Students from independent schools requested special concessions in WA Certificate of Education exams last year at a higher rate than those from public or Catholic schools.
More than 40 per cent of applications for special exam arrangements for students with a medical condition, disability or learning difficulty came from the independent sector, even though it educated only 28 per cent of exam candidates.
Students can ask the School Curriculum and Standards Authority for special exam provisions including extra working time, rest breaks, a special desk or access to a personal computer.
Schools must help students and their parents gather evidence of a student's disability to support their case, such as timed essay examples or reading test results.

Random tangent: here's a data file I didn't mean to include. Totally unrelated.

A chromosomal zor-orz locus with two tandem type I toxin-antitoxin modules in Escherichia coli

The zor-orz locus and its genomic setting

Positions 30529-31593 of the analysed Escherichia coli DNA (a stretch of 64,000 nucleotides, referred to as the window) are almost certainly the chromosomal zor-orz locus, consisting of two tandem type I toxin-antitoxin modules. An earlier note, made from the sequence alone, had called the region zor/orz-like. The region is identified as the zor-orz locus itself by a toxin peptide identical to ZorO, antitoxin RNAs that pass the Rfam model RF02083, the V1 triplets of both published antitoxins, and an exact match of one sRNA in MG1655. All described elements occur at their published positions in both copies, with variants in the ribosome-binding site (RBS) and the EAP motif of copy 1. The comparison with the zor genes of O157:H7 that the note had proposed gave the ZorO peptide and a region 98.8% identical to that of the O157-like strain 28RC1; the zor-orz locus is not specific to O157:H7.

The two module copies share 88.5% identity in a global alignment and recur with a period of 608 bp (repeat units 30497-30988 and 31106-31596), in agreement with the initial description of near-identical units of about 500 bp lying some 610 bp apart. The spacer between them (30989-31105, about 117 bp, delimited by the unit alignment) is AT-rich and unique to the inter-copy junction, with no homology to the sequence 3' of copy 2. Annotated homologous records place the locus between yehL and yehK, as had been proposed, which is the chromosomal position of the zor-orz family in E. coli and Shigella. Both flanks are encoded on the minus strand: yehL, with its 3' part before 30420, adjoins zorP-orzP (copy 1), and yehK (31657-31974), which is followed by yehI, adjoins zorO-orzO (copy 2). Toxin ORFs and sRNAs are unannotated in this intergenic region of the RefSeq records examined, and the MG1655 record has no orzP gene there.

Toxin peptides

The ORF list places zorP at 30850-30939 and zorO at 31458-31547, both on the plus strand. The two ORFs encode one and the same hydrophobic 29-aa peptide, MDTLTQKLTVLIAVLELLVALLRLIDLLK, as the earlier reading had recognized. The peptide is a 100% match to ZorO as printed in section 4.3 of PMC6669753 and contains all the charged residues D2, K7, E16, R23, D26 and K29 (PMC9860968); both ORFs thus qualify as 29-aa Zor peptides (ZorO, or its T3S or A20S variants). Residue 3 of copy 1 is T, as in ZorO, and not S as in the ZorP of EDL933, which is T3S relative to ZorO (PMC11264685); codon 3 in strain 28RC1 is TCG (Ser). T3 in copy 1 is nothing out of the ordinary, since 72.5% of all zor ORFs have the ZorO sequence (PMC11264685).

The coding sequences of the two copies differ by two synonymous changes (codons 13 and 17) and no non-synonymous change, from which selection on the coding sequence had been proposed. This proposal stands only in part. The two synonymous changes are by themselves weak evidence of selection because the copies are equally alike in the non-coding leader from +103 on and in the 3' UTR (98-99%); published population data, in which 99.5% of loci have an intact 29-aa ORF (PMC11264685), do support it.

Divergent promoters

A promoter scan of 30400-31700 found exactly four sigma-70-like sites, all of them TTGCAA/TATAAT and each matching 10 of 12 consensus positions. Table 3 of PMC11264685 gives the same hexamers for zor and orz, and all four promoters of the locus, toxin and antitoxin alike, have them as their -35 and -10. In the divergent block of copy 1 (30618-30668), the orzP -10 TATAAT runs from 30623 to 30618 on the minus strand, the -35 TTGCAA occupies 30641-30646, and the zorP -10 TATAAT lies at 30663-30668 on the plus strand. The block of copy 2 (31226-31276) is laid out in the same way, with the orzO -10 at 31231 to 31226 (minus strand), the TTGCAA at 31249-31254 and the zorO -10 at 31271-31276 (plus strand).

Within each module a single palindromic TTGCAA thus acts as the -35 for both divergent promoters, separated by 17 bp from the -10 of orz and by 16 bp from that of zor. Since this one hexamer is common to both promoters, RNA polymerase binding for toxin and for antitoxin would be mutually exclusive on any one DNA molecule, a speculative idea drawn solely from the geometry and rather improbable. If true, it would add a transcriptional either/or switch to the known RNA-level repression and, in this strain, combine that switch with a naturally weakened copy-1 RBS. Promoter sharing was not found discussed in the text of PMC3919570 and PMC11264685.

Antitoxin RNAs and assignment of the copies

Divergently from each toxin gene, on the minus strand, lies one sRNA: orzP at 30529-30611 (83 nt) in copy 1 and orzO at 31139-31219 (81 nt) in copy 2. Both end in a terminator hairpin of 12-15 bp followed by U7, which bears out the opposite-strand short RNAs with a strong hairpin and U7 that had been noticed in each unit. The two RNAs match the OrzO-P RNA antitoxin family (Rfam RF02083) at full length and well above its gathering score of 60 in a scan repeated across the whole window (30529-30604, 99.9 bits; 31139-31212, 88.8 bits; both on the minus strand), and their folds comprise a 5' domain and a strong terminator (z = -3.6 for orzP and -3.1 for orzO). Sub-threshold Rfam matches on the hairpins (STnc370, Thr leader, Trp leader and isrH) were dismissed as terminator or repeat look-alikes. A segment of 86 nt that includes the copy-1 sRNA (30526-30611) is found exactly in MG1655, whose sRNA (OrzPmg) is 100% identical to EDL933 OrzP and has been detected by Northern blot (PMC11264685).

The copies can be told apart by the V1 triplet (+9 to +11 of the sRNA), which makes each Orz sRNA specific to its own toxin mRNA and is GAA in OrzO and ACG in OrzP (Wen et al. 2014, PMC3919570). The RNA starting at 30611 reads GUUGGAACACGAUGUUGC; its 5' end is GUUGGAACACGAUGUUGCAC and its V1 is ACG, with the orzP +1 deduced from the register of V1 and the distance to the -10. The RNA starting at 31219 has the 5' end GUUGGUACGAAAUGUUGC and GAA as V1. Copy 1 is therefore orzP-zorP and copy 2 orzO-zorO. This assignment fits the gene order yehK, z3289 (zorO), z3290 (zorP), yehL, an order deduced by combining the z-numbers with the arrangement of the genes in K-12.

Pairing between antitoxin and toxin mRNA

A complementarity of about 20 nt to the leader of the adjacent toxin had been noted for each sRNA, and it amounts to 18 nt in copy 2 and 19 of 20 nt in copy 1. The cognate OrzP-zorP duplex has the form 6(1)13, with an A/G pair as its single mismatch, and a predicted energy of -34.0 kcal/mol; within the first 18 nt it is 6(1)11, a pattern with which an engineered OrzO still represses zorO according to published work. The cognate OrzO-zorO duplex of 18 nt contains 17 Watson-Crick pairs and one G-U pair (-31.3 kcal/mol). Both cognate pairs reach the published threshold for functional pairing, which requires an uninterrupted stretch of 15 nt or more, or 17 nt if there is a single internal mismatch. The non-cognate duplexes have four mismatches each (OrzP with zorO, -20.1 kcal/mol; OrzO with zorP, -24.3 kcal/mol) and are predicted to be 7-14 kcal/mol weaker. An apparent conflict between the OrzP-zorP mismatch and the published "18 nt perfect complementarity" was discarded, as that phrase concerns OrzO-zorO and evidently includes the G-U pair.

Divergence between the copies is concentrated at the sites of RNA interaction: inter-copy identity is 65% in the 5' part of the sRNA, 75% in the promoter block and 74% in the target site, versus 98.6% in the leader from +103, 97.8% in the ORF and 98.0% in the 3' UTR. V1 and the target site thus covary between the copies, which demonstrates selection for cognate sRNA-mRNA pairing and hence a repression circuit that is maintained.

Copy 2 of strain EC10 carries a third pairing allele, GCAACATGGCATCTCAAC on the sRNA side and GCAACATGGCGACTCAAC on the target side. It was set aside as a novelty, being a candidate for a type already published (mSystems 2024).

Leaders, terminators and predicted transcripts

The authority received 512 applications last year for special exam arrangements, of which 41 per cent were from independent schools and 21 per cent from Catholic schools.
Thirty-eight per cent were from public schools, even though they produced 44 per cent of the students who were enrolled to sit at least one exam.
About one-third of all applications were for specific learning disabilities such as dyslexia.
Another 98 applications were for psychological issues such as anxiety or difficulty concentrating, while 87 students applied for concessions for long-term illness such as chronic fatigue syndrome or diabetes.
WA Secondary School Executives Association president Rob Nairn said it was "a bit of an anomaly" that more public school students sat exams but fewer applied for special provisions.
Separate figures show that another 638 students applied for special consideration after the exams because they were ill or experienced a traumatic event that caused them to miss an exam or not perform as well as expected.More than 47 students reported being affected by the death of a close friend or relative, 43 had a broken or injured leg, 39 had gastroenteritis and two had appendicitis.
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